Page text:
For Boys Like Me Who Grew Up In A Slum

June 14, 2018 Opinion , OPINION/NEWS

Samuel Ryo photo

 

By

John Chizoba Vincent

 

 

Dear boys

 

Makoko was never a better home for boys like us. Akala made us forget our skins to the burning sun. Ajegunle set the remains of our feelings on fire then it burnt into ashes. Then, Uvureke came hand in hand with scarlet letters written on its figments bodies. I may decide to spit this failed boyhood out or I may decide not to because it all depends on the choice I make. It all depends on my palms and fingers. Nature made us debris of the fragmented dust, the chained feeble souls attempting to consume what the stars built in the pocket of their nature. We are blood and spirit, water and soul, love and hatred. We are closer to death than life, although we may not know those things we clamour for are built in us because history lied to us. Let’s make these pages a little brighter, let’s bake the smile of another morning with a laughter of hyenas. If we have to make friends, let’s try to crack the foundation of the figments they are made of or these treasures will elude us into a relationship with death.

 

Childhood failed us, I know. We failed boyhood, you know that but the river that refuses to acknowledge its source is like a home that night refused to visit. I have you in mind clocking these fears and feelings and emotions. I have you in my heart reading the sorrow written for your sake. Of those boys who missed home, we’ll lose your agony through the eyes of elegies. Our eulogies shall sprout forth through the pocket of irony. Our freedom shall hover over the climax of the sun. You are magic, warriors, saints, braver souls that conquered the fear of Ikemefuna. Of those things that come in fragments and water, of those things that told us how imperfect we are; of those things that made us beat and run, never hesitate to listen to the sound of its heel from the figures of your body.

 

You are to me like the sun. Marry anywhere you find love for marriage is not an achievement. Learn to be yourself for the only driver that can drive you better is you. Learn not to spell this weekend with tears written on your face. The world has failed us treating us like bones abandoned by the roadside. But I must tell you that boyhood is not a sickness but a name that could make you or mare you. Avoid skimpy thoughtful girls. Never look through their holes or dip your fingers because heaven and hell are made there. I will be a better man if I tell you how to balance these equations that life itself created. Try to define home and its colours for through home you will find home. Every footprint is not a blueprint to follow where life has destined you to be.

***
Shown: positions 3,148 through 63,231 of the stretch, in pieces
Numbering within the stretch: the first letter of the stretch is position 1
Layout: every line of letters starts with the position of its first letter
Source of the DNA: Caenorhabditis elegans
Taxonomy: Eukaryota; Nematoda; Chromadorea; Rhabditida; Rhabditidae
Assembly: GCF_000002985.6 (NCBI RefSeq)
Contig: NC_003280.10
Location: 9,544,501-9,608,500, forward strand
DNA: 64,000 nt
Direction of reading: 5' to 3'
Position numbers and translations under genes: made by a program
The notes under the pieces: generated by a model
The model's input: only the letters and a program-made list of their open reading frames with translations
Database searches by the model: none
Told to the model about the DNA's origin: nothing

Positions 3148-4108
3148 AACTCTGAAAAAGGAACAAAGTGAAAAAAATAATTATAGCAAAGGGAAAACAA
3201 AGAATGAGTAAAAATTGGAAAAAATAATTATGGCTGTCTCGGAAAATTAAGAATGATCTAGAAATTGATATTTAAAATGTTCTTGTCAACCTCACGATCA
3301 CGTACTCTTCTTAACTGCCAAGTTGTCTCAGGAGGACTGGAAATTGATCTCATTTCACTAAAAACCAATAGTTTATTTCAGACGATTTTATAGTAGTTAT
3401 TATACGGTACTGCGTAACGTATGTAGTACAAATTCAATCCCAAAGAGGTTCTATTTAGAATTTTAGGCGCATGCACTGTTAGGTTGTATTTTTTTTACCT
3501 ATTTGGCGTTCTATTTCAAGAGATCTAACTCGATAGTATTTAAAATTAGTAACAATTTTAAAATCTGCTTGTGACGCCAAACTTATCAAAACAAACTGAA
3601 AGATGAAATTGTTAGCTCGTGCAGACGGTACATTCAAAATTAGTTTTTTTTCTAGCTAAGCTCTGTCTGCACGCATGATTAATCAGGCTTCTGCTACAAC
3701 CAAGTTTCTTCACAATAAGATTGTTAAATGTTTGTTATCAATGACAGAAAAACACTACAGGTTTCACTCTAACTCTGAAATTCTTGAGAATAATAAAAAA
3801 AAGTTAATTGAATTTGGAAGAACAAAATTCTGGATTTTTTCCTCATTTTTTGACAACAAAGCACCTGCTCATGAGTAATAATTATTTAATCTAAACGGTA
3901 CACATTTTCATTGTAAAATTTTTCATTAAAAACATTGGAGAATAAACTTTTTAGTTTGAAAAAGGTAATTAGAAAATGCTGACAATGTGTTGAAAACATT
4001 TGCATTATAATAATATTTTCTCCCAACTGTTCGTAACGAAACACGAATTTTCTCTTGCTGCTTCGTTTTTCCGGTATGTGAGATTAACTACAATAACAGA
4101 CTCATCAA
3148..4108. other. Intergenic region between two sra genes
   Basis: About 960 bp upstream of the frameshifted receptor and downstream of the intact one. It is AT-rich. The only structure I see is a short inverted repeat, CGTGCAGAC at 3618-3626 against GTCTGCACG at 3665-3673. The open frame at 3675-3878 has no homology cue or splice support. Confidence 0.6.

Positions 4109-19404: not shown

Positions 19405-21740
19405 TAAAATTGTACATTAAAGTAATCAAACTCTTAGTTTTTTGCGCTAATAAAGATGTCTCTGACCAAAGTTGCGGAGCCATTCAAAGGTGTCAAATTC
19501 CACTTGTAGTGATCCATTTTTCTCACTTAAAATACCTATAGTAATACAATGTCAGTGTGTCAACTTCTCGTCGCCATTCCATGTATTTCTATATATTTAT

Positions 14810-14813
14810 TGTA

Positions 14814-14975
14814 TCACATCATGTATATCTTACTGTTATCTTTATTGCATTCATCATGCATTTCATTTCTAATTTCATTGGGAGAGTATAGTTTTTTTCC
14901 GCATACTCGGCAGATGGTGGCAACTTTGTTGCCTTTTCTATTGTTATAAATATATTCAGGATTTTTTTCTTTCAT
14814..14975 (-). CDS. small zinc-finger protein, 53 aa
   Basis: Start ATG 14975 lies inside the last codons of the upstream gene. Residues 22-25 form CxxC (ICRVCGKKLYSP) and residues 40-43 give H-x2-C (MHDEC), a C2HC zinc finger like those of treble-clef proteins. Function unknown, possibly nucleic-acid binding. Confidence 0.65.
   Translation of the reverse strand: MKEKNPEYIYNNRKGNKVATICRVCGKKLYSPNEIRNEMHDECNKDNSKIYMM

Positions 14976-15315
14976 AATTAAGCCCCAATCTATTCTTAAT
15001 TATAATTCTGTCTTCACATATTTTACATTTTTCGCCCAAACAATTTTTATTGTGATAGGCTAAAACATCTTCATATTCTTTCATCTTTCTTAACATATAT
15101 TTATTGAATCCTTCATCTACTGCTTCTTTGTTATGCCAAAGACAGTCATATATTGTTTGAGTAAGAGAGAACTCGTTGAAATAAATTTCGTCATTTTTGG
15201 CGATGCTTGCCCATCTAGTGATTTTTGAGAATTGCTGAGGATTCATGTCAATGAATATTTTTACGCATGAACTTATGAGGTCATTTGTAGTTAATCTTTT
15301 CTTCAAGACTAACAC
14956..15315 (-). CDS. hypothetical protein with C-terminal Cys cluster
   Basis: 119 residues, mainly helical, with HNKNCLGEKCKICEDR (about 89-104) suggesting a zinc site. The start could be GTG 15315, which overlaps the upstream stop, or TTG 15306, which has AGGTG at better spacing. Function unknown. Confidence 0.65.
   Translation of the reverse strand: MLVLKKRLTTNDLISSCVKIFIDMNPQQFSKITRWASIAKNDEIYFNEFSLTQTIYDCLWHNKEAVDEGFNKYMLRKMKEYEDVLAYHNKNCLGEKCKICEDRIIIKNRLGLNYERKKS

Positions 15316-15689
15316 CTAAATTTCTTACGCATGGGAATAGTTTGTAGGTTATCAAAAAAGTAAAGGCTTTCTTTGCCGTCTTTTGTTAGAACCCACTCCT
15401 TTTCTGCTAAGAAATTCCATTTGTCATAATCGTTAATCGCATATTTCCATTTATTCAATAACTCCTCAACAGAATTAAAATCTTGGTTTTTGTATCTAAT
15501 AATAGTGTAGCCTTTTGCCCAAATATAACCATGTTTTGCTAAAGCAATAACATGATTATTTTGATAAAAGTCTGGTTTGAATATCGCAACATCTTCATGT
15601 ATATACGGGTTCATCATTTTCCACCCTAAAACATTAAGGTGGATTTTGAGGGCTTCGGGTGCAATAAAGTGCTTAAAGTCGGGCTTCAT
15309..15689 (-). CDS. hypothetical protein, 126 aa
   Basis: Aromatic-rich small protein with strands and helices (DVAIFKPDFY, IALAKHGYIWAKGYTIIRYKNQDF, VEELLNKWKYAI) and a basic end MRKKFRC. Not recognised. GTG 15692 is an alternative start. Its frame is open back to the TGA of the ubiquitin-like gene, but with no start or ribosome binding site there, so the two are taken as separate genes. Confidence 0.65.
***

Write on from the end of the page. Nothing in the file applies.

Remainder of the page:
Learn to burn your body with fire and smoke dripping from cold silence of your past life. We are chambers of judgment in the eyes of the world. Dear boys, anytime you see a woman carrying a body of another boy you know or you don’t know don’t look at her beautified eyes before you leave your mouth to scream. Leave your mouth and let it sing of what women have done to our forefathers in the darkness and sadness. Women remind us of Eve that dried the being in Adam’s destiny.

 

With songs played on the keys of lame memories, I will write a letter like this in days to come in admonishment of you and the next generation to come because voices have to be created. Times that taught us how to look back in time to search for things that draw men into slum anthems will still have its tough hand on us. Dear boys, I may decide to write terror and empathy, I may decide to write chaos and loss, I may decide to write love and lust; but put yourself closer to the left hand of God and learn those things like the sadness built in the eyes of a boy trying to be those letters that formed success.

 

We may not know that these acronyms are embedded in the throat of a bird searching for a better tree to rest its flight. We may leave our skin to be stranded between pages of the wind and allow it to let out a little echoing sound, yes, we may pitch our voices to trailing a girl’s skin with the echoes of her father’s last prayer on the mountain he was slaughtered but the earth, the stars, the moon are just another name for eternity.

 

Dear boys, there are things that leave their footprints in our hearts, through the openings in our thoughts. We once stood before the mirror and saw the reflections of our pains, some boys touched it while some could not. How we were deceived to capturing our memories hoping the moon call us home where water is a way into our tales, into our bodies, into living our dead for survival; is still a misery. Dear boys, let your love lead to every corner, to every soul, to every mouth. These things are the memories of our kind sneaking into silent places in our bone marrow, where weaver birds are the king of birds, Where everything smells of bliss and burnt history situated in places. Let this mind be with you till you join the dust in dusk.

 

 

 

 

john chizoba vincent

John Chizoba Vincent

John Chizoba Vincent is a poet, actor, Novelist and D.O.P. He is the Author Of Hard times, Good Mama and letter from Home.

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